mpdigit   *p;
                    char flags;
               };

          The sign of 0 is +1.

          The size of mpdigit is architecture-dependent and defined in
          /$cputype/include/u.h.  Mpints are dynamically allocated and
          must be explicitly freed.  Operations grow the array of dig-
          its as needed.

          In general, the result parameters are last in the argument
          list.

          Routines that return an mpint will allocate the mpint if the
          result parameter is nil.  This includes strtomp, itomp,
          uitomp, btomp, and dtomp. These functions, in addition to
          mpnew and mpcopy, will return nil if the allocation fails.

          Input and result parameters may point to the same mpint.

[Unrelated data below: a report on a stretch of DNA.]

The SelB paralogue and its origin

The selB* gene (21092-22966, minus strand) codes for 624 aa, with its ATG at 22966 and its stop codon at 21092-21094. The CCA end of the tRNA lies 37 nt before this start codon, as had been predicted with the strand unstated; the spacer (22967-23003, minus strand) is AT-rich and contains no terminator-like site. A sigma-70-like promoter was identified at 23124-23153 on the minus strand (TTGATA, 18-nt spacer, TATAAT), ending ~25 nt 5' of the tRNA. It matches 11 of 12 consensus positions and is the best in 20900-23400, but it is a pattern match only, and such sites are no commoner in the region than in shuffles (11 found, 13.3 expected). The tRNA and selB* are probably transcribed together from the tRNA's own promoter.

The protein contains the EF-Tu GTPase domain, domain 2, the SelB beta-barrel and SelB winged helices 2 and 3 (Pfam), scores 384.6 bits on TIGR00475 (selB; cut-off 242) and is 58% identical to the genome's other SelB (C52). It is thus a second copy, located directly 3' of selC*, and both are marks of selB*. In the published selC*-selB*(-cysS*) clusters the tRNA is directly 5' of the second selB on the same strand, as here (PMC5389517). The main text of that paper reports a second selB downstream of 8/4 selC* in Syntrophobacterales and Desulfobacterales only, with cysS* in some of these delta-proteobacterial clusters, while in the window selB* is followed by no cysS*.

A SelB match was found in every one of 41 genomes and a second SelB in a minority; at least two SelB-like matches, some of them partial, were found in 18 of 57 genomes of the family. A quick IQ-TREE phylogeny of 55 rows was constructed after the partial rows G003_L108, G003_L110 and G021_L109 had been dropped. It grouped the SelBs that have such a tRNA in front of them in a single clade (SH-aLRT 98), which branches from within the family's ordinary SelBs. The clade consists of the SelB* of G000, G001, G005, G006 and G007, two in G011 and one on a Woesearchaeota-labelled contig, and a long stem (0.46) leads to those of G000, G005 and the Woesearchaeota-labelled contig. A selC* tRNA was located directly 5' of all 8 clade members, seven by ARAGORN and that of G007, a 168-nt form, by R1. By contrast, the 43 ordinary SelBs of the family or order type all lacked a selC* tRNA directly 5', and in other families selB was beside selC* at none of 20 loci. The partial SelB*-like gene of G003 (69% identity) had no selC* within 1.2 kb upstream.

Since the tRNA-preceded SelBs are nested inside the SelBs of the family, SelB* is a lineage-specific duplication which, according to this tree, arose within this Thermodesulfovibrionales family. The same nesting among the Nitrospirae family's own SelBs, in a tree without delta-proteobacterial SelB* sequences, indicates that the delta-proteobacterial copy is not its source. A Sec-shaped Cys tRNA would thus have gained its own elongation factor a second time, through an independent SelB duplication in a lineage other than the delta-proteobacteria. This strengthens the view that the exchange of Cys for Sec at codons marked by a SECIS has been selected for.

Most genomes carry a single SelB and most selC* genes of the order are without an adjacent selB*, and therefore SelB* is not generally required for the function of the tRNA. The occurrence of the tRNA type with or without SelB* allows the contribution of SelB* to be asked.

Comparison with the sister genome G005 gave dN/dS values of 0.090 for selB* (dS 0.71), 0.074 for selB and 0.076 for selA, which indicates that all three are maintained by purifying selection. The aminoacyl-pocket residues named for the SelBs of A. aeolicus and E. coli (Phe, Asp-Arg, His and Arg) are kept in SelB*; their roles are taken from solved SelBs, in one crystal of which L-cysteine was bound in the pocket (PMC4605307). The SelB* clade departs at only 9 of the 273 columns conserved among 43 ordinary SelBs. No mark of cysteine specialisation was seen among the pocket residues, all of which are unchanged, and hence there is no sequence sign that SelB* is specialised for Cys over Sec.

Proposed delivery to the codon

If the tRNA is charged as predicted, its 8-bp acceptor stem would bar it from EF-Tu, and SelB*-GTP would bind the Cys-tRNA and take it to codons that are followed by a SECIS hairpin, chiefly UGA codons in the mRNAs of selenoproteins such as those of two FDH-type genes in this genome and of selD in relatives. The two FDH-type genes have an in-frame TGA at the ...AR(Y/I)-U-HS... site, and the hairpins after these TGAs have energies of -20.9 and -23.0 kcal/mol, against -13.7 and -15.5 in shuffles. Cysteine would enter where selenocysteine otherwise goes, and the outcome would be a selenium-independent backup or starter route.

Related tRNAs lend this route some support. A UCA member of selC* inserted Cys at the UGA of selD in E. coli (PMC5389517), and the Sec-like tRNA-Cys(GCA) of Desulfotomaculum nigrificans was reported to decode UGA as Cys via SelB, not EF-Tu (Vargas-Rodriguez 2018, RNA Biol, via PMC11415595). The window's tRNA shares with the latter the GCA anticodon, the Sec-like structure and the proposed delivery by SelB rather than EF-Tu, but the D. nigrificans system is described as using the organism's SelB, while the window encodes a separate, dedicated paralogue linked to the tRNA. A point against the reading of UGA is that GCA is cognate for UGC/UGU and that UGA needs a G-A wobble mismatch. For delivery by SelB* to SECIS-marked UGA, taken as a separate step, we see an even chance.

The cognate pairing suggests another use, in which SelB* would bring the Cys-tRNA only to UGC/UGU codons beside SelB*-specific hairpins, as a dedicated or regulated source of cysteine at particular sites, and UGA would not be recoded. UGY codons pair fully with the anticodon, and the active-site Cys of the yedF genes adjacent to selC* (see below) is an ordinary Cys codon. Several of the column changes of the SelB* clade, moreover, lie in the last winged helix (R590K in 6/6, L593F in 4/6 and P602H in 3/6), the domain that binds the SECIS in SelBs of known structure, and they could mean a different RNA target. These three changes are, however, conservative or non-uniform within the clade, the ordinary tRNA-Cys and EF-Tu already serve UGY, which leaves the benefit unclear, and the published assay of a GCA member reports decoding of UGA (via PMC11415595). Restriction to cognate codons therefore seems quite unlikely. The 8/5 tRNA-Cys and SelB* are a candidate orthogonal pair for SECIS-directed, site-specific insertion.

The routines check and copy where necessary.

          Mpnew creates an mpint with an initial allocation of n bits.
          If n is zero, the allocation will be whatever was specified

     MP(2)                                                       MP(2)

          in the last call to mpsetminbits or to the initial value,
          1056.  Mpfree frees an mpint.  Mpbits grows the allocation
          of b to fit at least n bits.  If b->top doesn't cover n
          bits, mpbits increases it to do so.  Unless you are writing
          new basic operations, you can restrict yourself to mpnew(0)
          and mpfree(b).

          Mpnorm normalizes the representation by trimming any high
          order zero digits.  All routines except mpbits return nor-
          malized results.

          Mpcopy creates a new mpint with the same value as b while
          mpassign sets the value of new to be that of old.

          Mprand creates an n bit random number using the generator
          gen. Gen takes a pointer to a string of uchar's and the num-
          ber to fill in.